Page Elements Explained

Design, Tips

As an author, you’ve probably spent more time worrying about what goes on the page than what goes around it. But as a reader, you’ve likely relied on the little print around the margins–you know, the stuff that tells you the author’s name, what chapter you’re reading, and what page you’re on. That “stuff” is called the “page elements,” and it’s an important detail to your published book.

Page elements consist of three main parts: 1) the page number, 2) running heads (author name, chapter title, book title, etc), and 3) the body (your manuscript).

You’ve likely never paid attention to how the page elements are presented, but if you take 3 books off your shelf at random, you’ll probably notice that each one has the elements laid out slightly differently. There are some general conventions to presenting your page elements, but so far no hard and fast rules.

Running Heads:

As you look at a book, you’ll likely see the author name, title, or chapter title (if applicable) along the top of the pages. These often alternate pages, with the author name on the right-side page and the title on the left. These are not visible on chapter pages.

If the chapters have their own titles, these often show up in place of the author name, on the right side.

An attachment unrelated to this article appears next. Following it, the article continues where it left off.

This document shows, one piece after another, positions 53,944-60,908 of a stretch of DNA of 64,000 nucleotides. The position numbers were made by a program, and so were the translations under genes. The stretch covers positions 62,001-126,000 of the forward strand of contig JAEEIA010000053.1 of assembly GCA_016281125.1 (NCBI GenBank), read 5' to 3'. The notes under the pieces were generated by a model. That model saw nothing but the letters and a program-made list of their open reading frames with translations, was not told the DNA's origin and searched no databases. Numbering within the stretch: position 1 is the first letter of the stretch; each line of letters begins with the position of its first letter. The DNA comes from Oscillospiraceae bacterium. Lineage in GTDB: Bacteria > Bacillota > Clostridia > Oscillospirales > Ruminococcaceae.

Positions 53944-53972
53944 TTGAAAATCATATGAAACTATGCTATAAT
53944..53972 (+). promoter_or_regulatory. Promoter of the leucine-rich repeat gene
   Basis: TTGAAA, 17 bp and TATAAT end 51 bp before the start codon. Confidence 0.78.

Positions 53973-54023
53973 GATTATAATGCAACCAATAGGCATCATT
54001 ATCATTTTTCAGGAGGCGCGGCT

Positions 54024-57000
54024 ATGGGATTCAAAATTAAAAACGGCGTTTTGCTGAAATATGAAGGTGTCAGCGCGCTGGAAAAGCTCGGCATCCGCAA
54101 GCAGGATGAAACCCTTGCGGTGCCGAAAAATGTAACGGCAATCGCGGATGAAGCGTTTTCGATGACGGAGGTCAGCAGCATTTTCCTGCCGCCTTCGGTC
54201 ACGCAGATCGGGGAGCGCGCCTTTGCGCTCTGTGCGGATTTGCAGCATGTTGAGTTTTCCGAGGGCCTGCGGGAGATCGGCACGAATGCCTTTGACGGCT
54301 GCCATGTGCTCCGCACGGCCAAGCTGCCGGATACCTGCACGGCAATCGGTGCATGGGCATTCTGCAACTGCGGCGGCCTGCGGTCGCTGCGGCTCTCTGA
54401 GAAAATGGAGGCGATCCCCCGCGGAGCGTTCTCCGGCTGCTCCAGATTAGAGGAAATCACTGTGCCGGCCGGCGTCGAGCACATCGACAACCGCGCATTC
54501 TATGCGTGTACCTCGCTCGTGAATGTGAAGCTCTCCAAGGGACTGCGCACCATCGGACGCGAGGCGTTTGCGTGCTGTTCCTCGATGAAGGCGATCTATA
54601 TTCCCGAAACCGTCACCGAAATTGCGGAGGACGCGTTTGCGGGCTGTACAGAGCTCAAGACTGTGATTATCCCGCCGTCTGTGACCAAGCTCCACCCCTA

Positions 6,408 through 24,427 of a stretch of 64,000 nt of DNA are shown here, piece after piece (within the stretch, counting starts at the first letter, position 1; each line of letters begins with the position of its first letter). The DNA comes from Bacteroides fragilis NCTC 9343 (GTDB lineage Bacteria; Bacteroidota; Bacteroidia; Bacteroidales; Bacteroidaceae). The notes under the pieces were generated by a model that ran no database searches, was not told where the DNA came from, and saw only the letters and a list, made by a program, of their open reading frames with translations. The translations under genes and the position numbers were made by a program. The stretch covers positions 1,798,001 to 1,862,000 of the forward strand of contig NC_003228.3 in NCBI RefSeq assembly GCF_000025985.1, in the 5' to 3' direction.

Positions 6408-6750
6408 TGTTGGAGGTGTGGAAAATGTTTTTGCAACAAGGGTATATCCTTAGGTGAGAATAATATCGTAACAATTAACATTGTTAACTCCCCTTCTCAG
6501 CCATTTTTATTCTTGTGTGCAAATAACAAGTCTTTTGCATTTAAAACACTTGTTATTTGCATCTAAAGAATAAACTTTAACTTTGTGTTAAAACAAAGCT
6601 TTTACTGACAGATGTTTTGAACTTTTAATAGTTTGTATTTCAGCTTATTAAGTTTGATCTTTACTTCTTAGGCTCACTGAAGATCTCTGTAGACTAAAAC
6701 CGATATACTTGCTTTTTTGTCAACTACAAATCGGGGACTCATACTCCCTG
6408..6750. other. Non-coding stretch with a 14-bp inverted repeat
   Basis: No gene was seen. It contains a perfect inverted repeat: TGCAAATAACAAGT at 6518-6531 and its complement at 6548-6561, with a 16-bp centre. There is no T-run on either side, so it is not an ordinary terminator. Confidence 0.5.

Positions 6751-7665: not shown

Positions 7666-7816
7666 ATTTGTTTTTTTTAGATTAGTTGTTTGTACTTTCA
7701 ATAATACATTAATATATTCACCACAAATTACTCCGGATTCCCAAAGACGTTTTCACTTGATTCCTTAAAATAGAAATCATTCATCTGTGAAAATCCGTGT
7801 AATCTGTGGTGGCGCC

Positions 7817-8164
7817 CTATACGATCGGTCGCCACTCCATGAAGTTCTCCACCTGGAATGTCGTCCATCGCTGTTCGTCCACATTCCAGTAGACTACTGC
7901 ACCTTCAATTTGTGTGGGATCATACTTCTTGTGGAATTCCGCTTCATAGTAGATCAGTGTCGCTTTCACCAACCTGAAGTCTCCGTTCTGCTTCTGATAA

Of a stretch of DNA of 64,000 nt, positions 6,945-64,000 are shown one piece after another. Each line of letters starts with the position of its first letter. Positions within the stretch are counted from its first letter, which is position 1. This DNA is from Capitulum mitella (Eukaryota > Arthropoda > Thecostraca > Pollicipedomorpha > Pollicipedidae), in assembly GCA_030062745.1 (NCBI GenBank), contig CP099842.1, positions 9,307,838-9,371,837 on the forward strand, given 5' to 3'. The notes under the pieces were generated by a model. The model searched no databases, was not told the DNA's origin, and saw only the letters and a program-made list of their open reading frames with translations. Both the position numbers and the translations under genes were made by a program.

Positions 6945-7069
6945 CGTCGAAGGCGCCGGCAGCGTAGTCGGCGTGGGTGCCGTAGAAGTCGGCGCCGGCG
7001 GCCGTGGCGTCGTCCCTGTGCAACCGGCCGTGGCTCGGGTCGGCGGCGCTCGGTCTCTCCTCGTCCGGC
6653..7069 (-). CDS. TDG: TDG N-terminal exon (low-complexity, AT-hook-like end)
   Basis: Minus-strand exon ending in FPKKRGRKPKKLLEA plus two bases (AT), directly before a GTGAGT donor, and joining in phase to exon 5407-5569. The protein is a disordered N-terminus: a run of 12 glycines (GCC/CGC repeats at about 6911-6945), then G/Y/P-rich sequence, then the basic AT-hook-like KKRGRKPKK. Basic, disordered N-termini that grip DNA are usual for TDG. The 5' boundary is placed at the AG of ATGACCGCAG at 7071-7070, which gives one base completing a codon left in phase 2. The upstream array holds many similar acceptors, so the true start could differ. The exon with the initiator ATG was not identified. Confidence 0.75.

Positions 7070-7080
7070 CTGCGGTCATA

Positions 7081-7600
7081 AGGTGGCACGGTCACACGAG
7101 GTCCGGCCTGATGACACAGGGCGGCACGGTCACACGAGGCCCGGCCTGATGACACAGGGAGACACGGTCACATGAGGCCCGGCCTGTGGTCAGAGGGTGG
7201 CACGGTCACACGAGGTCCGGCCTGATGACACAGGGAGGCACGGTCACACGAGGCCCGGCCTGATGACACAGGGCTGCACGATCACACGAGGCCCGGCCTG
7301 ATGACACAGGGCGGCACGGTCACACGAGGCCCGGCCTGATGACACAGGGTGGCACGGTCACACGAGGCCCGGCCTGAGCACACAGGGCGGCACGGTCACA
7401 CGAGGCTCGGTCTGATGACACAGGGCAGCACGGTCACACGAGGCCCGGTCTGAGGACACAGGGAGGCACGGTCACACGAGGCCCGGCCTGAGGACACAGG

Page Numbers:

Often, page numbers are found on the outside corners (either top or bottom of the page) or in the center bottom of the page. They can be decorated with a stylistic glyph if desired, but often they’ll be plain. Their purpose is to help the reader track their progress through the book.

The Body:

This is the part of the book you spend the most time reading. Most often, the elements at play here are the line spacing (leading) and indentation between paragraphs. Typically, American-produced books will have a left indent on all body paragraphs except for the first paragraph of the chapter or the first paragraph after a section divider (often marked with a decal). Those first paragraphs often also have a stylistic element, whether it be a drop cap or a first line of small caps to draw the reader’s eye.

If you choose to work with us, we’ll handle much of the creative process of putting your book together. But if you’re choosing to author-publish, these design elements will help your book have a professional look and feel once it’s printed.

 

We Want to Hear from You

If you have a book ready to be published, we’d love to take a look at your book and see how we may be able to work with you to bring your book to the world. Review our publishing options, and if you think we’d be a good fit for each other, we’d love to review your manuscript.

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